A bit of a recency bias here maybe, but Billie Eilish is a surprising choice for Daniel Craig’s final round as 007. In “No Time to Die,” Eilish brings her signature muted tones, but she hits a rather emotional climax and even features a classic Bond guitar riff at the very end. The combo of Eilish, Finneas O’Connell and Hans Zimmer turns out to be successful.

8. “Ball of Thunder” – Tom Jones

Tom Jones and the Bond franchise is a perfect match. Its theme for 1965 “Thunderball” is thrilling and bombastic and effortless, and it has accompanied box office success well. Indeed, “Thunderball” remains one of the most financially successful Bond films ever made taking inflation into account, as it reached the peak of Sean Connery’s popularity as a character – even though the film himself is so obsessed with underwater photography that he forgets some to craft a compelling plot.

7. “You know my name” – Chris Cornell

2006’s “Casino Royale” was the biggest reinvention ever undertaken by the Bond franchise, presenting Daniel Craig as a more vulnerable and human iteration of the super spy while also addressing an origin story for Bond for the first time. Fittingly, Chris Cornell’s “You Know My Name” is unlike any other Bond song so far. And somewhat unusually, this one doesn’t continue a popular 2000s musical trend (thankfully the producers haven’t reached out to NSYNC). It’s a rock song, but somewhat classic in structure. A stormy introduction to one of the best Bond films ever made.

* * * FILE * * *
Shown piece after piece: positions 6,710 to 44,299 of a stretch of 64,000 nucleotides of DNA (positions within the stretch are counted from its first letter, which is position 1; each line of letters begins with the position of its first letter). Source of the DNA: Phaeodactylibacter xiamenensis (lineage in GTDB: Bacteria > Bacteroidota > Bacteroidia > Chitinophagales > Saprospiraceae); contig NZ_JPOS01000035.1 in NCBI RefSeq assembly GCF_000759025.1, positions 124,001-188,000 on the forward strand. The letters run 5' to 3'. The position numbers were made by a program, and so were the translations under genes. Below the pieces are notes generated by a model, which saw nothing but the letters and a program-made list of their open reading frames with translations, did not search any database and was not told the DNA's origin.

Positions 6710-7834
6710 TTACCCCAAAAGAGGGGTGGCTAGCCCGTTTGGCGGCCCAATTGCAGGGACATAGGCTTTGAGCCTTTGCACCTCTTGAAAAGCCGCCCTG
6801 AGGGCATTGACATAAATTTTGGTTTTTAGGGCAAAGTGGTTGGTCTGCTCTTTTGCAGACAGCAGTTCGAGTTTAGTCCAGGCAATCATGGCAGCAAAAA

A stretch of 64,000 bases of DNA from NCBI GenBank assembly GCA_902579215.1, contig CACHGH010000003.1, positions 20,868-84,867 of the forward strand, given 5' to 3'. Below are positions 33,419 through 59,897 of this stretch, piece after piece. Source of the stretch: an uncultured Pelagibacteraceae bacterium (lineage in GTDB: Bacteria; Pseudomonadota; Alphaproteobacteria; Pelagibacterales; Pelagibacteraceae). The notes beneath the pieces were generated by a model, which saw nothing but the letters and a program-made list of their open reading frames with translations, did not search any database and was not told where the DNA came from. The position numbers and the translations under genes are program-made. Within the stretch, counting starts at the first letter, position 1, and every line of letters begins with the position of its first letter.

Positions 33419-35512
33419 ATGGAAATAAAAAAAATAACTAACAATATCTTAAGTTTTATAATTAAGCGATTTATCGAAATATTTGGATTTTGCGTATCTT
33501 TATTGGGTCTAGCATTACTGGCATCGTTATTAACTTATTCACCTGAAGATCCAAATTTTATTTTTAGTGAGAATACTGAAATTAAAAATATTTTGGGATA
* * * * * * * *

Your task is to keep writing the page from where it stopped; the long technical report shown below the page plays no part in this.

6. “You Only Live Twice” – Nancy Sinatra

While 1967’s “You Only Live Twice” certainly has its problems as a movie, Nancy Sinatra’s theme song is a very romantic tune. The song draws some influence from the film’s Japanese setting, but Sinatra’s take on the material feels somewhat timeless.

5. “A sight to kill” – Duran Duran

Duran Duran’s Bond song is a bop, a complete stop. Legend has it that Duran Duran’s involvement in the Bond franchise began when bassist John Taylor confronted producer Cubby Broccoli at a party and asked him when they were going to ask someone “decent” to do it. one of their theme songs. The ’80s were largely a disappointing decade for the franchise, and Roger Moore’s latest outing isn’t all that memorable, but the theme song “A View to a Kill” is one of the best in the series.